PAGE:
The driver has the best seat in the house, even though he is straddling the transmission. The Kettenkrad is not hard to drive once one gets used to the steering brakes being connected to the handlebars. You learn that violent steering inputs at high speeds—the rig can do over 50 mph flat-out—can create very hairy moments, so just a little steering works best. The fuel tanks on either side of the driver pit hold a bit over 21 liters each, exactly the contents of a German 21L jerrycan. The tractor could go about 180 miles on a fill-up on paved roads.
The engine was a very modern OHV powerplant from the Opel OL-38 Olympia car, which was also used as a German army staff car. It was rated for an official top speed of 44 mph, but if the driver had the courage, or the motivation, it could get past 50 mph. When the war started, Opel had been a wholly owned subsidiary of GM since 1931 and was one of the more advanced automakers in Europe. The war took Opel out of GM control for a time, but it reverted back after the war to become a trendsetting GM partner in Europe.
Barry is not afraid to work his Kettenkrad. The tracks give it startling mobility and capability that can spook even an ace four-wheeler. It’s a bit narrow, so likely it has a tendency to be tippy. It’s clear from our research that it’s very capable in most types of terrain. We’re waiting to see one in Moab!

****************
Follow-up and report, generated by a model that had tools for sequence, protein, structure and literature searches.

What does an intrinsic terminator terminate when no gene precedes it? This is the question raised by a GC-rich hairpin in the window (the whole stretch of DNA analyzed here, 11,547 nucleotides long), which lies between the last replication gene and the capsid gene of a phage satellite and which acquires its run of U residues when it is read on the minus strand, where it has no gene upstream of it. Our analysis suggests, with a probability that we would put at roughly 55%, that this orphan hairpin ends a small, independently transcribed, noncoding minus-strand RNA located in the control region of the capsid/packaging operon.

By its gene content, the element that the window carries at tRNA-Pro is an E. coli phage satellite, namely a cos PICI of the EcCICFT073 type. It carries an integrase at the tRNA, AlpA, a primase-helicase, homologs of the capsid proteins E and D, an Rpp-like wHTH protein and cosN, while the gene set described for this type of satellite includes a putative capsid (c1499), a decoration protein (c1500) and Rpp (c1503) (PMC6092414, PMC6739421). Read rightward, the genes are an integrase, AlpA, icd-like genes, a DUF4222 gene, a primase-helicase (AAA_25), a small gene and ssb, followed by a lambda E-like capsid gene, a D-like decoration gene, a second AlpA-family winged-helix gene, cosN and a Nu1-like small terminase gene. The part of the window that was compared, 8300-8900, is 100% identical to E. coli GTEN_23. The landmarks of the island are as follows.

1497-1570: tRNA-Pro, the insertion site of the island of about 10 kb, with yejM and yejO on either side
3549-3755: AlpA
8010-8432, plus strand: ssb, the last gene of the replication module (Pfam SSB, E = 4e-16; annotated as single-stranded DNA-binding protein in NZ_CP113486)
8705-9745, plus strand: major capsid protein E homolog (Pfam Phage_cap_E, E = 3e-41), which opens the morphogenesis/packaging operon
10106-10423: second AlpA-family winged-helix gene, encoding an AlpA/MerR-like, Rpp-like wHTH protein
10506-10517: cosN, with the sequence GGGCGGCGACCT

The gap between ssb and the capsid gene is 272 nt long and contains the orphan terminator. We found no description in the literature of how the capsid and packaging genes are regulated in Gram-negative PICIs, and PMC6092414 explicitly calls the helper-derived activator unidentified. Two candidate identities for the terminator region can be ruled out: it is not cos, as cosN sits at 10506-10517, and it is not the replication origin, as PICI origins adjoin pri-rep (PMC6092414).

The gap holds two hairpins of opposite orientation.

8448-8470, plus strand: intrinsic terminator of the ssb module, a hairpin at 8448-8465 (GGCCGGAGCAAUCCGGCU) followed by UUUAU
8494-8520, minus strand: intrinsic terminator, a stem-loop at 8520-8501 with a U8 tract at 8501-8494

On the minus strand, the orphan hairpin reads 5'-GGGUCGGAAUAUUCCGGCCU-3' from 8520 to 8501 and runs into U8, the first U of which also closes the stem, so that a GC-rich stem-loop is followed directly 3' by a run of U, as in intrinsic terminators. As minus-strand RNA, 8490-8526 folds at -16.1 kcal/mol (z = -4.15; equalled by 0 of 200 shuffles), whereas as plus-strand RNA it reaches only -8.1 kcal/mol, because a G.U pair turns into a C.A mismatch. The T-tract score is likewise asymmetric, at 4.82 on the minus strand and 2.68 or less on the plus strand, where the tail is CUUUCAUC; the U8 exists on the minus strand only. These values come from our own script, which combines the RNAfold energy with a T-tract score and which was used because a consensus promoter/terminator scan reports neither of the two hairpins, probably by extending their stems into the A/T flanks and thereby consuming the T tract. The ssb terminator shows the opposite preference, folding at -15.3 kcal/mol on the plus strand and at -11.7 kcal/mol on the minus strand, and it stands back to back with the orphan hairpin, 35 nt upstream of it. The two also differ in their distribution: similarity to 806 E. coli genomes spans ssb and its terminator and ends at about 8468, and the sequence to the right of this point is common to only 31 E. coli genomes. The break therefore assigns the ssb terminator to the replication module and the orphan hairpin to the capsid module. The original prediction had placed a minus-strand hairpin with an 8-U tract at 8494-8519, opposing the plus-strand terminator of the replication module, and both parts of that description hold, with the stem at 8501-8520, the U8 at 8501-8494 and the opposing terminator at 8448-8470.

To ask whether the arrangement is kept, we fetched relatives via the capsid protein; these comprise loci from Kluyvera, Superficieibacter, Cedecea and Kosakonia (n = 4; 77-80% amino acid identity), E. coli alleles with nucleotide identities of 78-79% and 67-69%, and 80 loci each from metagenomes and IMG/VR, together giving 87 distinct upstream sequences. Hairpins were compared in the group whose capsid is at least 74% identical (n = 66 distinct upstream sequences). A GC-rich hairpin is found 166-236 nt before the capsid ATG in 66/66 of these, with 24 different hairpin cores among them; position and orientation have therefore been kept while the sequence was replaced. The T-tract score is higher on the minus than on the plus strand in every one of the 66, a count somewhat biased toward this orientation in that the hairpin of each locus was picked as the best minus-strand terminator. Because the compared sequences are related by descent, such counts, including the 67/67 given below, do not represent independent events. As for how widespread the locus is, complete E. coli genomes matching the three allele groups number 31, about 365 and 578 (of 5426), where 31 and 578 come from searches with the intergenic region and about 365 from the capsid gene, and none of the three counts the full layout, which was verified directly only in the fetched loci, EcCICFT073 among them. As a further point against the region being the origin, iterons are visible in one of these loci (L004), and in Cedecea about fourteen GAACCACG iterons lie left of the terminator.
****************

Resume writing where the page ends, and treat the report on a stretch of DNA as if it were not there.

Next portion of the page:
The Kettenkrad’s towing pedigree is shown here with the hitch seen at the radiator air outlet. The radiator is under the rear seat and the fan blows air out the duct. Track extensions to increase the footprint were used for heavy mud and snow. A storage box could be fitted to the spot where you see the canvas rolled behind the passenger seat.
At the Kübelkorps Reunion, when one of the Schwimmwagens stalled climbing out of the pond and wouldn’t restart, Dave Crompton’s ’42 Kettenkrad proved it could still git-’er-done. The early ones had many notable differences that can be called out versus Kemball-Cook’s ’44. The headlamp is the most notable difference between early and late, and the presence of the NSU emblem is another. Note the tubular rails in back versus the flat panels on Barry’s.

The Details

Vehicle: 1944 NSU HK101 Kettenkrad
Owner: Barry Kemball-Cook
Estimated value: $130,000-plus
Engine: Opel Olympia Model 38, 1478cc, OHV 4-cyl
Power (hp @ rpm): 36 @ 3,400
Torque (lb-ft @ rpm): 57 @ 3,400
Bore & stroke (in): 3.14 x 2.91
Comp. ratio: 6.0:1
Tire: 3.50-19
Tracks: 40-link, 6.7-in width
GVW (lb): 3,500
Curb weight (lb): 2,726
Fuel capacity (gal): 11 (two tanks)
Top Speed (mph): 44 normal, 51 emergency
Fuel Economy (mpg): 13 off-road, 17 on-road